Institute Goals and Overview

Institute Overview

AACAP’s 2019 Pediatric Psychopharmacology Update Institute: Early Treatment Intervention: When, What, and For How Long? links the latest findings on the treatment of ADHD, substance abuse, depressive disorders, irritability, suicidal/self-injurious behaviors, psychosis and schizophrenia, anxiety, and high-risk mood and psychotic disorders.

Eight top child and adolescent psychiatric researchers detail their approaches to treatment of psychiatric disorders from preschool through transitional age youth with the latest psychiatric medications, discussing medication selection, effectiveness, and expected adverse events. They review the latest data that address balancing benefits and risks across this age range using first-line psychotropic medications in the treatment of youth. In addition to the known, FDA-approved treatments, the speakers describe other relevant treatments that work in conjunction with psychotropic medication.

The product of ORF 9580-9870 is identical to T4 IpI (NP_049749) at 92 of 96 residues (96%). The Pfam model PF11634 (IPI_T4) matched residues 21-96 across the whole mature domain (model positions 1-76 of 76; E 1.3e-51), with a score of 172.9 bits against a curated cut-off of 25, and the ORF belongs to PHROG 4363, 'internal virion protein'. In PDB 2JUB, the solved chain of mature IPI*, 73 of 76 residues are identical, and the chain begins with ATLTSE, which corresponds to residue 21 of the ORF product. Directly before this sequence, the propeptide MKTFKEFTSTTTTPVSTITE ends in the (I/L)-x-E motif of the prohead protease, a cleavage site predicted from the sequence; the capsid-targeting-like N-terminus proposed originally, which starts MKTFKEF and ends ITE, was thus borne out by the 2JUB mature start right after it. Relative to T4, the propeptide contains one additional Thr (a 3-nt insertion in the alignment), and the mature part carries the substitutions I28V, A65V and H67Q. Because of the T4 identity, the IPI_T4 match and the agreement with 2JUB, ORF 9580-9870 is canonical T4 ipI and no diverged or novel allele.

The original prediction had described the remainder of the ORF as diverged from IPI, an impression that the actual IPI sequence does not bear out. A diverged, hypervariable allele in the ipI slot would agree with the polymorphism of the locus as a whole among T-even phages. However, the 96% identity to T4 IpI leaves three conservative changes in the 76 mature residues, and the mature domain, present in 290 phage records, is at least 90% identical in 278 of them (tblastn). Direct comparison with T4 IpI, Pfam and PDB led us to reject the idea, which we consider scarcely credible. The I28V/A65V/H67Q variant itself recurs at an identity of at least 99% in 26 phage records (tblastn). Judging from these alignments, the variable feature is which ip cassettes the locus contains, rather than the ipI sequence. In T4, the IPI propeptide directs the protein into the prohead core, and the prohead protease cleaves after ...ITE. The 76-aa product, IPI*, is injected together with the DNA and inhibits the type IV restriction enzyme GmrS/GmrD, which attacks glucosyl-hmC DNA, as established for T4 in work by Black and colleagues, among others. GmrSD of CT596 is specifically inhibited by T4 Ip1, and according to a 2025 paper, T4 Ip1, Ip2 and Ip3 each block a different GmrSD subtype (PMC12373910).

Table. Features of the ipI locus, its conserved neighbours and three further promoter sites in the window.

At the end of the Institute, clinicians will have thoroughly reviewed current publications on psychopharmacologic treatments across the age range, so they can discuss how efficacy, safety, and outcome data is translated into clinical practice.

Educational Learning Objectives

At the conclusion of this CME activity, the participant will be able to:

  1. Discuss the latest evidence-based psychopharmacology data that specify indication and adverse events for medication treatment for important psychiatric disorders from preschool through young adulthood with stimulant medications, second generation antipsychotic medications, lithium, and selective serotonin reuptake inhibitors.
  2. List the first- and second-line psychopharmacological medication choices and dose ranges for youth who present with ADHD, substance abuse, depressive disorders, psychosis, irritability, suicidal behavior, and prodromal or are at high risk for mood and psychotic disorders.
  3. Present information on starting and stopping medications, how long a medication needs to be tried before switching to another medication, and the methods of phasing in a new medication while withdrawing the other, especially in regards to patients at different ages.
  4. List the barriers that militate against the successful treatment with psychiatric medications for children, adolescents, and young adults with psychiatric disorders, as well as possible solutions including those that may not require the use of medication.